The next daring undertaking was the building of the first permanent bridge across the Danube ¨C the Chain Bridge, today still the most recognizable symbol of the city ¨C and the logical conclusion of that was the legislative unification in 1873 of Buda, Pest and 0ˆ7buda into one city ¨C Budapest. Council of Public Works was formed; whose direction determined both the future shape and the enduring beauty of the city. The great avenues were laid down ¨C most notably Andr¨¢ssy Boulevard and the ¡°k0‹2r¨²tak¡± or ring roads ¨C and the transformation of Budapest into a modern world-class city took on a new meaning. There was an even greater motivation at the end of the nineteenth century as Hungary celebrated the millenary anniversary of the Magyars establishing their home in the Carpathian Basin. The first underground railway was built on the continent, the streets were paved, streetlights were introduced, the waterworks at K¨¢poszt¨¢smegyer was constructed (it is still in operation today), and a public sewerage system was developed. The first street trams began service.

The political Compromise between Hungary and the Hapsburgs in 1867 led to the beginning of the industrialization of Budapest. Agricultural industries, milling and food industries all moved into the capital, and engineering industries grew. The railway system was built, and as with the major roads, made Budapest as the hub. The city did not suffer particularly, unlike the nation loosing half its population and two-thirds of its territories, in the First World War, so after a brief period of conflict, the process of development resumed. As the city continued to grow, neighboring suburbs were absorbed into four new administrative districts. The Second World War, however, had a catastrophic effect. Apart from the horrifying cost in terms of human casualties, the architectural splendor of the city was brought to ruin. The retreating German forces while the Soviets were bombarding everything from the East blew up every one of the bridges over the Danube River. By 1950 as more suburbs were absorbed; the city comprised of 22 districts (more recently this increased to 23, as boundaries have been redrawn). The city¡¯s buildings and transport network suffered again in the 1956 Freedom Fight against communist oppression, but once again the industrious population tried to restore the damage. Large-scale construction of low-cost flats (whole city blocks and neighborhoods) took place in the 1960¡¯s, followed by construction of two new underground lines. The L¨¢gym¨¢nyosi Bridge, the new National Theatre and the National Concert Hall have all appeared since the fall of Socialist era. There are further developments, current constructions or planned projects, including the fourth Metro line.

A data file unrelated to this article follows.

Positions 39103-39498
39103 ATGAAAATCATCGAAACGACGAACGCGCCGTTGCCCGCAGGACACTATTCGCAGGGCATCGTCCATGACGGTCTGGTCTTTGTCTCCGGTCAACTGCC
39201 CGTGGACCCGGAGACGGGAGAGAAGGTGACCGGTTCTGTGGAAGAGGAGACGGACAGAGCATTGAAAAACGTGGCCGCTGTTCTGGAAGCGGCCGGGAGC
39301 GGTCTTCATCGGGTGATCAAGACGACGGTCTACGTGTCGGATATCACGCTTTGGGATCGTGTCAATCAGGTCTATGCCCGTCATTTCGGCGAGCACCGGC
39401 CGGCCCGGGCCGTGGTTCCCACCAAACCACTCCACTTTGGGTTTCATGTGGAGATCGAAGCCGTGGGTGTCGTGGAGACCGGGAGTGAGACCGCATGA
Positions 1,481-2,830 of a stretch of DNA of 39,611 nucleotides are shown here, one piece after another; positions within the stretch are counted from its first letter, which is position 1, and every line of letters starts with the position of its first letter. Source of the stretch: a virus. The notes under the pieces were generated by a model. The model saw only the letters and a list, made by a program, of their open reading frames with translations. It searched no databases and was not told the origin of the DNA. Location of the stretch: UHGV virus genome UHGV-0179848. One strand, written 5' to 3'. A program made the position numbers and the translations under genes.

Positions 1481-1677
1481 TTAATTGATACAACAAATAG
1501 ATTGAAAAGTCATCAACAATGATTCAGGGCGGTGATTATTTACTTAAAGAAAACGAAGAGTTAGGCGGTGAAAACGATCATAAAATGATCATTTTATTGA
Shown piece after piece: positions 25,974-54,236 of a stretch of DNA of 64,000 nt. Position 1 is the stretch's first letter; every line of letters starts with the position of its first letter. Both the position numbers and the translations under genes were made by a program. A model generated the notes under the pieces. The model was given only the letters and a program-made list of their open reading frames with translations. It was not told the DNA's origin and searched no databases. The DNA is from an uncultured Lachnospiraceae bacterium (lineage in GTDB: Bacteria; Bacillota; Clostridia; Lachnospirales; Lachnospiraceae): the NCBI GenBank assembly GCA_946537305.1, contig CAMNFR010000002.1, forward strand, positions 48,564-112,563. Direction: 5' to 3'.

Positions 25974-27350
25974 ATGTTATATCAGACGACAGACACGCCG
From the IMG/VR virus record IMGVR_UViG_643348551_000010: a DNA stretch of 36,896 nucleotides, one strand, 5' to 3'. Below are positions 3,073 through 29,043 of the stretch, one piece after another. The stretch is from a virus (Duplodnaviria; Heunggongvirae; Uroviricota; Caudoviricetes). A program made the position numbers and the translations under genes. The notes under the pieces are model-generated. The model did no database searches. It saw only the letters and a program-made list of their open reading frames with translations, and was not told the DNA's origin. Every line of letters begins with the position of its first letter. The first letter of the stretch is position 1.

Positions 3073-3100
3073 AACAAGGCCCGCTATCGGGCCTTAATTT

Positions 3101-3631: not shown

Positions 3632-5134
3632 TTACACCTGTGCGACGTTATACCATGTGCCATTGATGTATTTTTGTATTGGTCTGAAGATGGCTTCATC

Budapest possesses a rich and fascinating history as well as a vibrant cultural heritage. Recognizing the unique value of its traditions it has managed to maintain its magic and charm, and is rightly known as the Pearl of the Danube. It has also been called the City of Spas, as there are over a dozen thermal bath complexes served by over a hundred natural thermal springs. The Hungarian gastronomy and wines are first rate and have been enjoyed by millions of visitors throughout the centuries.


Contact to the owner.


ID Season Daily Weekly Monthly
1 All Season EUR 45 - -

PROPERTY Amenities

  • Alcohol
  • Telephone
  • Internet
  • Washing Machine
  • Central Air Conditioning
  • Freezer
  • Toaster
  • Stove
  • Pots & Pans
  • Oven
  • Coffee Maker
  • Refrigerator
  • Transportation
  • Private Hot Tub


  • Bed Rooms : 3 Bedroom
  • Bathrooms : 2 Bathrooms
  • Bathroom Description : Bath With Tub, Shower, Basin, Toilet plus separate WC
  • Suitability : Child Friendly, ASK
  • Attribute : Swimming Beach, Shopping Center, Museums, Theatre, Biking, Famous Place, ATM Nearby, Churches Nearby, Library, Caves, Bird Watching, Mountain Climbing, Zoo
  • Decoration : Very Well Decorated Property
  • Disable Facilities : ASK
  • Transportation : Local City Transportation
  • Beddings : 2 Queen Bed, 1 Single Bed, 2 King Bed, 1 Day Bed
  • Entertainment : TV
  • Nearby Attraction / Facility : AirPort : LISZT FERENC INTERNATIONAL AIRPORT, Railway : KELETI PALYAUDVAR, Bar : near by, Bus : Good Local City Transportation /tram, bus, metro/, Car : do not need a car to get around, Restaurant : Near By
  • Other Views : MINUTES TO MAJOR SIGHTSEEING AND ATTRACTIONS; BUDAVAR - with #105 bus (steps from the door) to CENTRE PEST -
  • Outside Attributes : Parking On Street
  • Child Friendly : Yes
  • Child Friendly Description : Child Friendly


Video Presentation

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Edith and son Laszlo Beres  

  • Marvany utca 31. / 3rd floor by the elevator / Budapest, Budapest, Hungary

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Owner Description

SEE OUR WEBSITE: for details. map. description and contact us for more questions